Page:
p.s. If David Griffen ever reads this and decides that he wants to give me some photography tips then I would be very happy to accept!

The New West Country Cook BookServes 4


120g Mature Cheddar

60ml Doom Bar beer

30g Plain Flour

30g Breadcrumbs

1 tbsp English Mustard

3 Egg Yolks

1 Loaf of Bread


Grate the cheese and place in a saucepan with the beer.

Heat over a medium flame until the cheese has melted and the mixture begins to bubble.

Stir in the flour, breadcrumbs and mustard.

Continue to cook gently until the mixture comes away from the saucepan cleanly and forms a soft ball.

It is important to keep stirring.

Remove from the heat and cool. Beat in the egg yolks until the mixture is smooth and all the yolk is incorporated.

Slice the loaf into ‘doorsteps’.

Lightly toast the ‘doorsteps under the grill on both sides.

Spread liberally with the Cornish rarebit mixture.

Place under a hot grill until the rarebit bubbles.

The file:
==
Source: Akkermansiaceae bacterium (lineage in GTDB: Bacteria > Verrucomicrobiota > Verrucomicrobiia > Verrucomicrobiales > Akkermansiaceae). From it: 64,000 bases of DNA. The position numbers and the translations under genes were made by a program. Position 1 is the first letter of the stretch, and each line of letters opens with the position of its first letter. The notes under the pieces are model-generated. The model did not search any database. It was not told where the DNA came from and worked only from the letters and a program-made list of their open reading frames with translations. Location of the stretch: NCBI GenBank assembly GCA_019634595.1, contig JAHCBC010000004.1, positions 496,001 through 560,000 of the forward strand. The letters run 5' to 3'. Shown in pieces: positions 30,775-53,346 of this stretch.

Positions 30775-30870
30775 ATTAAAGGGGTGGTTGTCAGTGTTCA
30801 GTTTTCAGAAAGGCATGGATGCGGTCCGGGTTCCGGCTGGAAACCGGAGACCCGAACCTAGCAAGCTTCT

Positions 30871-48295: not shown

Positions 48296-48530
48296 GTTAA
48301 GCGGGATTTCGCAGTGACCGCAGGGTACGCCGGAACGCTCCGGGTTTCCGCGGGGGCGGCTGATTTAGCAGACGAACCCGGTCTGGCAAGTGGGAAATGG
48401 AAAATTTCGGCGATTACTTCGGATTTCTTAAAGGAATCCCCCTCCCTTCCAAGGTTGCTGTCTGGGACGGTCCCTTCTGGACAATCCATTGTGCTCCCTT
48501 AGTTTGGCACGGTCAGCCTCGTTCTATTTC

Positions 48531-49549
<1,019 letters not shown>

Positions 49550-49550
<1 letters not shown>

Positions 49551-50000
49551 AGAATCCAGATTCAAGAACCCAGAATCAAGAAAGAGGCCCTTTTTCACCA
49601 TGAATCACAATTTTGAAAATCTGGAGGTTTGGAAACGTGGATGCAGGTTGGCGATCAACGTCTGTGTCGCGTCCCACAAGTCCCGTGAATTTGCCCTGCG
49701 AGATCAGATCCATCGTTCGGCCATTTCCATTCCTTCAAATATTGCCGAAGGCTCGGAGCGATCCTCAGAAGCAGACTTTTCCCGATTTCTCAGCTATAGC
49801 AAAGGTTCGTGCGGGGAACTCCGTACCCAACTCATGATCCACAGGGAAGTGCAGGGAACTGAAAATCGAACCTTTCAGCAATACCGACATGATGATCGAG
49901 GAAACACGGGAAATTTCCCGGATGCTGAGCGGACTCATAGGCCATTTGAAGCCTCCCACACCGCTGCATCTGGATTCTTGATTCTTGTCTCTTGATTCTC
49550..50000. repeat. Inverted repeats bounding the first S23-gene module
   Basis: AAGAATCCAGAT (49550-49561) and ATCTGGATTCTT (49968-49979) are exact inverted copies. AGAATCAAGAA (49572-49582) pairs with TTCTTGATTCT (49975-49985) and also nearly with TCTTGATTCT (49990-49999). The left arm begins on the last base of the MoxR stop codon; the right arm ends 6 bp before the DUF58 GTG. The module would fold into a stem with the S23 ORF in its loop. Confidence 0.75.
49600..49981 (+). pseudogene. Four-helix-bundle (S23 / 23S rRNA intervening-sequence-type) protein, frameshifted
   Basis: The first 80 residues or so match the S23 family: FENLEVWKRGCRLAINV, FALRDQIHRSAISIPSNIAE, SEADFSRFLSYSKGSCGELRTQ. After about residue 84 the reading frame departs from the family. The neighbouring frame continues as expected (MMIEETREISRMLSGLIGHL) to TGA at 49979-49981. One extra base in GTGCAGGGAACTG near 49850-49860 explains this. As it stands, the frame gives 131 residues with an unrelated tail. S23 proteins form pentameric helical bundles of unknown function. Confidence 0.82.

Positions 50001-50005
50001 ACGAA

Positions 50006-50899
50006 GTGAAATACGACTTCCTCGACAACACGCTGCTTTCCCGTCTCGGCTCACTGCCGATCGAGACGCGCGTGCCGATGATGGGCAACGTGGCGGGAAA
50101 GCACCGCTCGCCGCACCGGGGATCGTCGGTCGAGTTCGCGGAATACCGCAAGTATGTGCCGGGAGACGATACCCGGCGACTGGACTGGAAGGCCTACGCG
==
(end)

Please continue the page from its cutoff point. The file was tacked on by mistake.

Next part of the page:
Cut and serve immediately.

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Cooking with Nathan Outlaw

A thoughtful moment over lunch

At 10.00 p.m. on a moon bright Sunday evening Ali and I were to be found (shivering slightly) on the platform at Truro station waiting for the sleeper. Neither of us had used this service before but it turned out to be something of a revelation – great service, a very enjoyable G&T in the lounge and 2 comfortable bunks. Admittedly these bunks were contained in a room the size of an average airing cupboard but all we needed to do was sleep in it so no problem.

We drifted comfortably off to sleep reflecting on the irony of travelling almost 300 miles to cook with a chef from Cornwall using a Cornish cheese…

On Monday morning we were woken at 6.30 with a glass of orange juice and emerged blinking from our hobbit hole into bright sunshine at Paddington. Feeling slightly disorientated we made our way to L’Atelier des Chefs and, once located, set off to indulge in a little retail therapy as we had a couple of hours to kill before the class. A short stroll along Oxford Street soon revealed us to be small town girls at heart – who knew that London doesn’t open until 9.30? Shopping plans thwarted we took refuge at a pavement table outside a little corner café and indulged in that peculiarly English combination of tea and croissants.